Shifting the Paradigm Shift Faster

Besides the many ideas and innovations Kurt Levin advanced as one of the most influential social scientists of the 20th Century, he once commented “there is nothing so practical as a good theory”.

Shifting the paradigm from teacher centred to student centred learning faster is a classic example of his comment in action as the educational ecosystem theory builds the skills, mindset and capabilities knowledge workers need for the Information Age. In his work on Force Field Analysis, Levin showed how behaviour change resulted from environmental and personal forces that were either driving or restraining the change in question.

Triadic Reciprocity

Albert Bandura, another prominent and influential social scientist of the 20th Century extended Levin’s insight when he coined the term “Triadic Reciprocity” to describe the continuous interaction between the environment, personal factors AND behaviour to explain human behaviour. Bandura was the originator of Social Cognitive Theory (SCT) which takes a proactive, agentic perspective of human behaviour. In addition to triadic reciprocity, SCT assumes humans have the capacity for forethought and intentionality, self-reflect to self-regulate their behaviour and develop their self-concept through the social environment they live and work in. Although SCT has been adopted in parts of the educational ecosystem, there is significant scope to use it to speed up the paradigm shift.

Unfreeze, Move, Re-freeze

In order for this shift to happen, it’s critical to help people aligned with the dominant paradigm let go of their current shared belief system. Levin’s, classic “Unfreeze, Move, Re-freeze” 3-stage model of change has been shown to successfully support people to let go of the old before they can move to adopt the new. To their detriment, many institutions often use a 2-stage model of change which simply serves to increase resistance to the change and slows the process down. In contrast, by helping participants gain greater personal and environmental awareness through the “unfreeze” stage, forces against the change are restrained and help to shift the process faster.

Immunity to Change

An example of Levin’s model in action that addresses the challenge of resistance to change has been developed by Harvard Graduate School of Education Professors Robert Kegan and Lisa Lahey. Their “Immunity to Change” methodology supports people making progress towards the improvement goal they want to achieve. For example, it could be a teacher who’s set an improvement goal to adopt a student-centred approach but is finding it difficult to implement. Their process starts with recognising the behaviour that most gets in the way of the goal. It continues with identifying the competing commitments to achieving the goal – how your immune system effectively protects you from feared undesirable outcomes. The last step involves naming your big assumptions – the beliefs, truths and values – your dominant paradigm – that’s preventing you from embracing the new one.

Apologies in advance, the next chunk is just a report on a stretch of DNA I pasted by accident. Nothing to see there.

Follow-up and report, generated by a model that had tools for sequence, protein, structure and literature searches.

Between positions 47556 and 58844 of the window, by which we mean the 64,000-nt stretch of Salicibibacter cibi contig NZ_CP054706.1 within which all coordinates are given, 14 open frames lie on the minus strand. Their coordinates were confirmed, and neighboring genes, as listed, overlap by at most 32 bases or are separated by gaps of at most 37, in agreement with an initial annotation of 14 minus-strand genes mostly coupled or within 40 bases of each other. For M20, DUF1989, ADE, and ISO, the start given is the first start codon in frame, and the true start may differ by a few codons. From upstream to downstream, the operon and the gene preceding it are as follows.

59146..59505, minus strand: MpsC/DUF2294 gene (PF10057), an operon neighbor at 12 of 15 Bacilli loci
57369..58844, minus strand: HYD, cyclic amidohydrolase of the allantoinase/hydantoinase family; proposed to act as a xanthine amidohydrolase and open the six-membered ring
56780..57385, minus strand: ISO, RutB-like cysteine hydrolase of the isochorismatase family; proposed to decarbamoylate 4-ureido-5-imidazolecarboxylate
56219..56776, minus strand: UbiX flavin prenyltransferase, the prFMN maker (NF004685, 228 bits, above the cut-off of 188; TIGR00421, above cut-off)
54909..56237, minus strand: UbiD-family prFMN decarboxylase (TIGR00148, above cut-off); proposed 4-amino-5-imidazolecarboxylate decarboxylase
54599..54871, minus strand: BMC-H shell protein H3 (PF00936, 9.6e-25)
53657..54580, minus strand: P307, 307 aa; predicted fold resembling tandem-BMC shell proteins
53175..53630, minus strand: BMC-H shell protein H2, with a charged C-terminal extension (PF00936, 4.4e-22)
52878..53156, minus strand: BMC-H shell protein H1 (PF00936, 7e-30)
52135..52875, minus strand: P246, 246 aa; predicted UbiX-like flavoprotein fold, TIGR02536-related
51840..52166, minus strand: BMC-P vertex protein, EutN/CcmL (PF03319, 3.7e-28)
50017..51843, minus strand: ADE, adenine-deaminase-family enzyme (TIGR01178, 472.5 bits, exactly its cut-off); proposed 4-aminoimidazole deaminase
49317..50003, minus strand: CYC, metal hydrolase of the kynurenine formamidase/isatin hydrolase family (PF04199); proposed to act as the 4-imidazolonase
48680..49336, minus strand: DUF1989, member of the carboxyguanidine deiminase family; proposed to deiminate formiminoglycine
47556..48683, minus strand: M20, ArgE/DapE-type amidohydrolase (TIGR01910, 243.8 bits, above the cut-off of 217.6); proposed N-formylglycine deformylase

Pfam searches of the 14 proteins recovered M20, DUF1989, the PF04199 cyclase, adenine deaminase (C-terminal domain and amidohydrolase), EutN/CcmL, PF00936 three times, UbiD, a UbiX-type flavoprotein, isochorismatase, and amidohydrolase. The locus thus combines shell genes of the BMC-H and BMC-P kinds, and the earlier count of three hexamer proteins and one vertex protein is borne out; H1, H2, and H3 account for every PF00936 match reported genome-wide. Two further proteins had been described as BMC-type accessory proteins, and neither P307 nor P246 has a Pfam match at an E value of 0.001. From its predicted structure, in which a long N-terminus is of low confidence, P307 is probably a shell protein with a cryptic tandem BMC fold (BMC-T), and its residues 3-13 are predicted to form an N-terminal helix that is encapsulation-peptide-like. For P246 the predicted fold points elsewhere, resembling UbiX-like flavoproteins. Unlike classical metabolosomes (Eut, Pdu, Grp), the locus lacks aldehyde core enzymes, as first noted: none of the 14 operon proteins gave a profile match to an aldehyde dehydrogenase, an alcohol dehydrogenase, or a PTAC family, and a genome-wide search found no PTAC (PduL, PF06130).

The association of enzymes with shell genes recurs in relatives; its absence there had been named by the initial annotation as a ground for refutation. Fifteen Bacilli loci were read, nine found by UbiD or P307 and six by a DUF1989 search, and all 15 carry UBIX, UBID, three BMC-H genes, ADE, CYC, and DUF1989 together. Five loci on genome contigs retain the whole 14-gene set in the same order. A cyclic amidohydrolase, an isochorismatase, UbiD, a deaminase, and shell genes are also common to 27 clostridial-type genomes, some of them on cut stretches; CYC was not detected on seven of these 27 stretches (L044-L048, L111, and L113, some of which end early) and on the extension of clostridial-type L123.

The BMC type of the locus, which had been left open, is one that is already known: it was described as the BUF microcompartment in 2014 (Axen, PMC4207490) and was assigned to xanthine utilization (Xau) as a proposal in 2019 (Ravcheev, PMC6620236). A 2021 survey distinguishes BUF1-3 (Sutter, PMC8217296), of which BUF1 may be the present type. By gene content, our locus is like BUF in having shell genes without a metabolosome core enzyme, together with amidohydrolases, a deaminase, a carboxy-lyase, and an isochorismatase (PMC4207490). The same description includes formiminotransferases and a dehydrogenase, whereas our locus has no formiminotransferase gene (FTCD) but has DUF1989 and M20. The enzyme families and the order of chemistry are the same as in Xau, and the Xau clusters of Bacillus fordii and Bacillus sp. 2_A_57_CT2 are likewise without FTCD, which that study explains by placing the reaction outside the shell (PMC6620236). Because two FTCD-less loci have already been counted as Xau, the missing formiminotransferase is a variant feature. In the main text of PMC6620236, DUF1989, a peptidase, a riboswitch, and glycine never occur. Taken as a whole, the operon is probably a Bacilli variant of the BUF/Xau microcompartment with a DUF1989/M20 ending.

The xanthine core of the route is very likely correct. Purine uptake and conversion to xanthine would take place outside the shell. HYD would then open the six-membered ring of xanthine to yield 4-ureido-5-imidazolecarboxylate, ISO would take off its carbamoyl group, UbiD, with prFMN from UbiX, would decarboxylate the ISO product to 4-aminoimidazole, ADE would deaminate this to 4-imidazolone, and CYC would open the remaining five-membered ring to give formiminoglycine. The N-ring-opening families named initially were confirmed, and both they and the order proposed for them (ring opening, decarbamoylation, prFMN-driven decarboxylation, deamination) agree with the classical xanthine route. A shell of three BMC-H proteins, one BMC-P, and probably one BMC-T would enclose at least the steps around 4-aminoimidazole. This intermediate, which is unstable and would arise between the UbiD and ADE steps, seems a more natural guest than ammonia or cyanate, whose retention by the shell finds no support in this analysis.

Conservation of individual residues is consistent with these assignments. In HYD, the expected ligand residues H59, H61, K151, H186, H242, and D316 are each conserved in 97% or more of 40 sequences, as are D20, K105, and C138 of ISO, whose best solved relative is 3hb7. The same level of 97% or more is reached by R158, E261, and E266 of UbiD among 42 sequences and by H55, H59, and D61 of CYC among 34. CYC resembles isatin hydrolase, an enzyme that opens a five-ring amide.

Forum Theatre

A novel alternative for educators to understand their dominant paradigm and concurrently motivates them to change is “Forum Theatre”. Originally called “Theatre of the Oppressed”, it was developed by Brazilian Augusto Boal in the 1960s and is theoretically grounded in fellow Brazilian Paolo Freire’s critical pedagogy. Forum Theatre is a form of simultaneous dramaturgy where participants (spect-actors) watch a scripted performance and then participate in analysing the performance and coaching the actors on different ways of constructing it. This process confronts the audience as it is typically differnt from their usual perception of their reality. By helping the audience observe the familiar from an unfamiliar perspective, Forum Theatre provides a powerful source of insight to assist people “unfreeze” as well as motivate them to “move” towards embracing the new behaviour.

Entertainment Education

Lastly, to support educators embrace and “freeze” their new behaviours, the field of Entertainment Education (E-E) offers a contemporary, multimedia approach. Theoretically grounded in SCT, E-E is defined as the intentional placement of educational content in entertainment messages. E-E focuses on influencing audience behavioural change by showing rather than describing positive and negative role models to an audience such as educators. Given the difficulties faced by people seeking to adopt new behaviours on challenging tasks, E-E supports people “freeze” their behaviours until they become habitual.

Easier said than done

Of course, shifting the paradigm faster is easier said than done. However, the combination of increased awareness, interventions to support people and a roadmap to make it happen provides the foundation for the educational ecosystem to move more rapidly from the industrial age paradigm to the one society needs for the information age. The techniques highlighted above provide examples of individual and group interventions designed to support educators everywhere understand the reasons change is required and become motivated to shift their own behaviour accordingly.

Share this article: